Prof. Froum, what first got you interested in peri-implantitis?
Prof. Froum: In the 80’s dental implants were a new phenomenon, attempted by few and watched critically by many. In the 1990’s and on into the early 2000’s, thanks to intelligent research, success rates were high, and popularity grew by double digits. That’s when the problem referrals started coming into our office.
Because peri-implant disease looked like periodontal disease, even if the etiology was not identical, as a periodontist and educator, I was interested, but I could see that, just as in the early implant days, it would take time and lots of work to find predictable solutions.
However, with peri-implantitis, because it was a problem no one wanted to see, the problem would have to be acknowledged before solutions could be adopted.
You encouraged the US periodontal society (AAP) to adopt guidelines and publish a position paper.
Prof. Froum: Yes, and that was a first step. The EFP and EAO have taken similar steps, seeking consensus around disease definition, etiology and treatment. Getting the societies and, in turn, the clinicians and industry to acknowledge and clarify the problem was no easy task.
We know that peri-implantitis occurs, within the general population of patients, but perhaps not with the same prevalence at all centers - and that’s an important distinction. However, systematic reviews of prevalence report that 5–10 years after implant placement, peri-implantitis affects about 10 % of implants and 20 % of patients.1 But let’s face it, implants have been the goose that laid the golden egg, and no one wanted to upset that egg basket!
That’s why we and others started with publications describing the problem, looking at the incidence and prevalence and testing potential treatment solutions. But we had to start by defining the problem. Without that, no one could agree on how often the problem occurs or, in turn, how we should treat it. Currently peri-implant mucositis and peri-implantitis have been defined, and even more useful, a proposal for a tiered disease classification has been published.2
Your first dental implant complications conference was in NYC in 2012. You went on to run three more. What was the response to those conferences? Do you think they were helpful?
Prof. Froum: We filled registration for our first conference in under six weeks. That’s when I knew we were providing something clinicians needed. The second and third conferences drew over 400–500 dentists. I appreciated that Straumann, the sponsor of our original conferences, acknowledged that need.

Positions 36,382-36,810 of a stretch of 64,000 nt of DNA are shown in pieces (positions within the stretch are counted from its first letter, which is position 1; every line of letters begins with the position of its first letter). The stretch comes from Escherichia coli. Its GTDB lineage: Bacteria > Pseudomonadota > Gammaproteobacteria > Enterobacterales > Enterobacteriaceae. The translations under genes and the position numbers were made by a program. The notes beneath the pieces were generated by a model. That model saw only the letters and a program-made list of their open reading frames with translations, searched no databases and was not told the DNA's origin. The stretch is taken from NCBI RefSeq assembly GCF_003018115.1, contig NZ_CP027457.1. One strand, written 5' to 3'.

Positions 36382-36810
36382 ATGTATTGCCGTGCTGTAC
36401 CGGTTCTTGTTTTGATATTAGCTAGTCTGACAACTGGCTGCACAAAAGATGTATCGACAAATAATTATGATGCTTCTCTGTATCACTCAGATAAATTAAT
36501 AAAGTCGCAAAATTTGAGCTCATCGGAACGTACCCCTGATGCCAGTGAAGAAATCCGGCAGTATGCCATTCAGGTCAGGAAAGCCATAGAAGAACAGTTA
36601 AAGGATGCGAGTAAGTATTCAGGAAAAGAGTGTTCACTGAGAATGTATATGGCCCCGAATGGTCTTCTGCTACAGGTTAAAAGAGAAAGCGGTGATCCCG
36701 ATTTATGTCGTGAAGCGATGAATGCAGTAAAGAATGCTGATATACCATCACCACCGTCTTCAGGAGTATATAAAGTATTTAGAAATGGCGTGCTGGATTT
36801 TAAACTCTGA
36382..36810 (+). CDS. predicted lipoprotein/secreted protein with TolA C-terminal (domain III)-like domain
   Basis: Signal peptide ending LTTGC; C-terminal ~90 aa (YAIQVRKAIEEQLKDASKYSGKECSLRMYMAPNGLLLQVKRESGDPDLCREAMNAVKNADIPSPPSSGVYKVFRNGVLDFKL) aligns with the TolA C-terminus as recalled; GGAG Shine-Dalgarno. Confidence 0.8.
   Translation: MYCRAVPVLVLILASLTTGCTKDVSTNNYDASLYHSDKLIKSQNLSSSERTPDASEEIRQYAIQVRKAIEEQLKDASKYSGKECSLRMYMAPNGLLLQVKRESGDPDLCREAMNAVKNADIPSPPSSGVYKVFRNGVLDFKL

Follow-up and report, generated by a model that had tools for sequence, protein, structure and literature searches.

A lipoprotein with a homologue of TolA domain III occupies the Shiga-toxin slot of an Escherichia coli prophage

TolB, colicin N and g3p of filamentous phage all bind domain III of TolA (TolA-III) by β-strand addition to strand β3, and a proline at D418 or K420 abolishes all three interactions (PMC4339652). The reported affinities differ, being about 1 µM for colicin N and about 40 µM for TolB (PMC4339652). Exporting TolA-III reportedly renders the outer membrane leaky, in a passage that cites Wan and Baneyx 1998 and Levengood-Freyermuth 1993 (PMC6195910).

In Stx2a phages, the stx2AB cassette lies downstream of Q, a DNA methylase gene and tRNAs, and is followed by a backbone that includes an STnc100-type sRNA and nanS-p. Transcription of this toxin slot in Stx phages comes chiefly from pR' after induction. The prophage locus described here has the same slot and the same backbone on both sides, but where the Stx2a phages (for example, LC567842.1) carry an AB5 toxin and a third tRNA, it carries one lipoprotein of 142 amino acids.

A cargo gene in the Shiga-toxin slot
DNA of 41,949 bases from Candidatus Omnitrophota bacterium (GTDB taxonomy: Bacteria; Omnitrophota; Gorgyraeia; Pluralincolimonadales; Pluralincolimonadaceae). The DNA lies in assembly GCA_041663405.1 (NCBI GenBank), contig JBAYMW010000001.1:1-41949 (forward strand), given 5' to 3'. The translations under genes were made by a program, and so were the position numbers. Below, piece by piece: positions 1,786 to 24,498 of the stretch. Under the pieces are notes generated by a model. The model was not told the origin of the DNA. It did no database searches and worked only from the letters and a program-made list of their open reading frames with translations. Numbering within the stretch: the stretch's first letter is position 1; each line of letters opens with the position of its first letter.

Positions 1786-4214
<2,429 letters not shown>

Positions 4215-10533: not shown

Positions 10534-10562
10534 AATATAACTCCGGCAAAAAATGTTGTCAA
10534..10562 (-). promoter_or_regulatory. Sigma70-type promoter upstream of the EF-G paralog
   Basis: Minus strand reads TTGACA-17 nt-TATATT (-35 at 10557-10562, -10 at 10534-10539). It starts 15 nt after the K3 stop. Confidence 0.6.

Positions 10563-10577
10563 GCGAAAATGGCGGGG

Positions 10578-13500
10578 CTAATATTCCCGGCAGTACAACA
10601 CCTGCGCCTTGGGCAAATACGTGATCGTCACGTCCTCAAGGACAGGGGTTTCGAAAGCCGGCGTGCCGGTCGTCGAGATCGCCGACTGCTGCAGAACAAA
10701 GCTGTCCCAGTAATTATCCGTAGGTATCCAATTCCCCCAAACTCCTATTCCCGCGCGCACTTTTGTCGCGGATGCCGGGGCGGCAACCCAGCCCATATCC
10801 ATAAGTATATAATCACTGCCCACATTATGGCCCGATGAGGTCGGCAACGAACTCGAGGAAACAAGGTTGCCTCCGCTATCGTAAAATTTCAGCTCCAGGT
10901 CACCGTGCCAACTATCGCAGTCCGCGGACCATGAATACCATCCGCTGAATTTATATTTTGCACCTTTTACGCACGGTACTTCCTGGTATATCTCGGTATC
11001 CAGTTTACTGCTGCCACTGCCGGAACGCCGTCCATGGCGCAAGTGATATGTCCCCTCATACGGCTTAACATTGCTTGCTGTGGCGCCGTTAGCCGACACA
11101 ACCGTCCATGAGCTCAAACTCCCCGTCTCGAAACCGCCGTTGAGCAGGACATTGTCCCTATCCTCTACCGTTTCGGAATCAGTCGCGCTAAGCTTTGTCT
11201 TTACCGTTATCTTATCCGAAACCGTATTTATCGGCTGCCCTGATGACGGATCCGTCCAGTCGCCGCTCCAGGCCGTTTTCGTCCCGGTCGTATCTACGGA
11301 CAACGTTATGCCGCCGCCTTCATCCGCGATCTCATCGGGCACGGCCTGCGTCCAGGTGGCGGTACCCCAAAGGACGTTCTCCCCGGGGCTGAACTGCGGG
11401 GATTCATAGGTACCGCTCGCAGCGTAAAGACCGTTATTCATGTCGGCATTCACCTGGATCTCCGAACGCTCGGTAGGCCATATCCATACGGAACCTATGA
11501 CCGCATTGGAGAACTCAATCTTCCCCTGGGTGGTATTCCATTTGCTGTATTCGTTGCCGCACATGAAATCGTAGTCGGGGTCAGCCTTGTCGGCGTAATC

Since then, through further meetings, society presentations and a state-of-the-art conference sponsored by Geistlich on multidisciplinary treatment of peri-implantitis in Chicago in June 2017, we are reaching the tipping point, where we are teaching and moving toward consensus – on definition, diagnosis, proper treatment and maintenance.
Your Manhattan practice has become known for its treatment of peri-implantitis. What impact has that had on your practice and your relationship with your referring clinicians?
Prof. Froum: We’re proud of what we can do to treat peri-implantitis, but even if we end up with happy patients, peri-implantitis is not a “happy” event – for patients or their referring clinicians. For patients who had the unrealistic expectation that their implants were permanent solutions for problem teeth, there is not only disappointment and the prospect of more treatment but also the question of how things are going to be made right and who is responsible.
Certainly saving implants, even with advanced peri-implantitis, costs significantly less than removing the implants, reconstructing the hard and soft tissue lost due to the disease and replacing the implant and restoration. Even if explantation, augmentation and placement of a new implant and restoration are successful, the cost of a lost implant is approximately three to four times the cost of saving an implant. This cost combined with pain and time delay to restoration can be the difference between keeping and losing a patient.
How do you work with your referring clinicians?